The Wall Street Journal is reporting today that Dion Nissenbaum, a Wall Street Journal staff reporter, was detained for 2 1/2 days last week and not allowed to communicate with either his family or an attorney.
The article reports:
Mr. Nissenbaum’s detention came amid a broader crackdown on press freedom in Turkey, where dozens of reporters, mainly Turkish, are behind bars. Since the summer, Turkey, where the government has imposed a state of emergency, has closed more than 100 domestic media outlets.
While in custody, Mr. Nissenbaum, a U.S. citizen, was denied access to lawyers despite repeated requests, he said. He also wasn’t allowed to contact his family or his employer. Mr. Nissenbaum said authorities told him he was under investigation, but they declined to say for what.
It is time to reevaluate our relationship with Turkey. Turkey is moving closer to Russia, but at the same time President Erdogan is also moving toward the establishment of an Islamic state. At some time in the future, that will be a problem for the relationship between Turkey and Russia, but right now that relationship is useful to both countries. Erdogan wants to end any idea of an independent Kurdish nation by crushing the Kurds and Russia wants to keep Syrian President Bashar al-Assad in power. Right now, they can work together. It is anyone’s guess as to how long that alliance will last. Erdogan’s goal is to recreate the Ottoman Empire. As a Muslim, Erdogan would be quite comfortable with the Islamic principle of taqiyya (deceit or dissimulation, particularly toward infidels–Quran 3:28 and 16:106). Much like Putin, former KGB, would have no problem using Erdogan for his own purposes, Erdogan would have no problem lying to Putin for his own purposes. Good luck to both of them, they deserve each other.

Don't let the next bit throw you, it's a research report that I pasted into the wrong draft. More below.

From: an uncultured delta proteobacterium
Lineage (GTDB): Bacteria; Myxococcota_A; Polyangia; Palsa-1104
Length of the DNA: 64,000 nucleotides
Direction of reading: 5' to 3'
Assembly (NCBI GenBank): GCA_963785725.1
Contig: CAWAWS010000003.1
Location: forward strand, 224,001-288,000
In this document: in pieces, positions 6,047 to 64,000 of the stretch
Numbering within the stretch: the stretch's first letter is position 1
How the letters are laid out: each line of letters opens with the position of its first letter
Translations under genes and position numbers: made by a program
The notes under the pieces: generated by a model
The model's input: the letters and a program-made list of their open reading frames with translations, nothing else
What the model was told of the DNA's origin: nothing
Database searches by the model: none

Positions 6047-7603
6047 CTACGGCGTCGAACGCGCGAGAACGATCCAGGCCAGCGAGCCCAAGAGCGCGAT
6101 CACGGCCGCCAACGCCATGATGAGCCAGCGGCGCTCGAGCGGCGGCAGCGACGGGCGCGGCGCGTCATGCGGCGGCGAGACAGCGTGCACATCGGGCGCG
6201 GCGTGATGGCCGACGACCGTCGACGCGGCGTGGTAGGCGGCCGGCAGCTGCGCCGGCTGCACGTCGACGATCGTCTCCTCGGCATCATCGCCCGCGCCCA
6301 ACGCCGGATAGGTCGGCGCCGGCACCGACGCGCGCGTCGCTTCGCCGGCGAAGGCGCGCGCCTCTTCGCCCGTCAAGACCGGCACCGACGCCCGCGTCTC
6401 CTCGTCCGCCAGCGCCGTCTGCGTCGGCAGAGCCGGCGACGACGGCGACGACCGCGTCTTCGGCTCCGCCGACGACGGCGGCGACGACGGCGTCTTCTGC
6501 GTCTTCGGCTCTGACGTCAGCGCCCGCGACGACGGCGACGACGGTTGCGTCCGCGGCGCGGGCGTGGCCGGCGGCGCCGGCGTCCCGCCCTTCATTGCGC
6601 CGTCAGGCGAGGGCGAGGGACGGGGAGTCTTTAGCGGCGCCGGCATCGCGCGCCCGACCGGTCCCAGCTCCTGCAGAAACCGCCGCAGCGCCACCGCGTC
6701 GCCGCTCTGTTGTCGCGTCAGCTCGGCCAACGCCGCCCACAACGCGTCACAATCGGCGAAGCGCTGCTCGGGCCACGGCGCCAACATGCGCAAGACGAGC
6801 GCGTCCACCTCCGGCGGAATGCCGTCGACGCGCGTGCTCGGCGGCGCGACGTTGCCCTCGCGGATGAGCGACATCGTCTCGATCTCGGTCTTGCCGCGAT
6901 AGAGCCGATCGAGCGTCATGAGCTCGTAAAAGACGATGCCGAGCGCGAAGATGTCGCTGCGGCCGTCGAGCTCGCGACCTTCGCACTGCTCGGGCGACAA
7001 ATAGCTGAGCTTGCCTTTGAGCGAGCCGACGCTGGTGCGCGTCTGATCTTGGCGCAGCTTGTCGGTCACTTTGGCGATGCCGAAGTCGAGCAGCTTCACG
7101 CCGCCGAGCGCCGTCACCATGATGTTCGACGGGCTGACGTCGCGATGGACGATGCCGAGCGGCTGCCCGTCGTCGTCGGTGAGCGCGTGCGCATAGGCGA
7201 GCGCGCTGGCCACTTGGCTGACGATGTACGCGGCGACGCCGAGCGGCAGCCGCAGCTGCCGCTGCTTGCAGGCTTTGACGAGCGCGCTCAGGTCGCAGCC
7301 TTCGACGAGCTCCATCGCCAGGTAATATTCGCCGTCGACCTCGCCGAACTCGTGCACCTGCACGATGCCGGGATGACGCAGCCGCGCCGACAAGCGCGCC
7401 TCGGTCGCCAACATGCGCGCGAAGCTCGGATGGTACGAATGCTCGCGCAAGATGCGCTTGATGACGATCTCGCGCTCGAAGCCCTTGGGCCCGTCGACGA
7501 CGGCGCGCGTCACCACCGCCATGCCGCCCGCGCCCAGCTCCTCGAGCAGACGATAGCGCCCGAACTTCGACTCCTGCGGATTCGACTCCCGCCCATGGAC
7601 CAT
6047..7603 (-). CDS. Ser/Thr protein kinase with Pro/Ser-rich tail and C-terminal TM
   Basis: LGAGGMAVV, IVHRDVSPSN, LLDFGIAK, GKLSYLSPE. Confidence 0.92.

I think it’s time to reconsider the role of Turkey in NATO. As much as it would be nice to have a country in NATO that would be a bridge between east and west, I think Turkey has shown by its actions that it is not that country.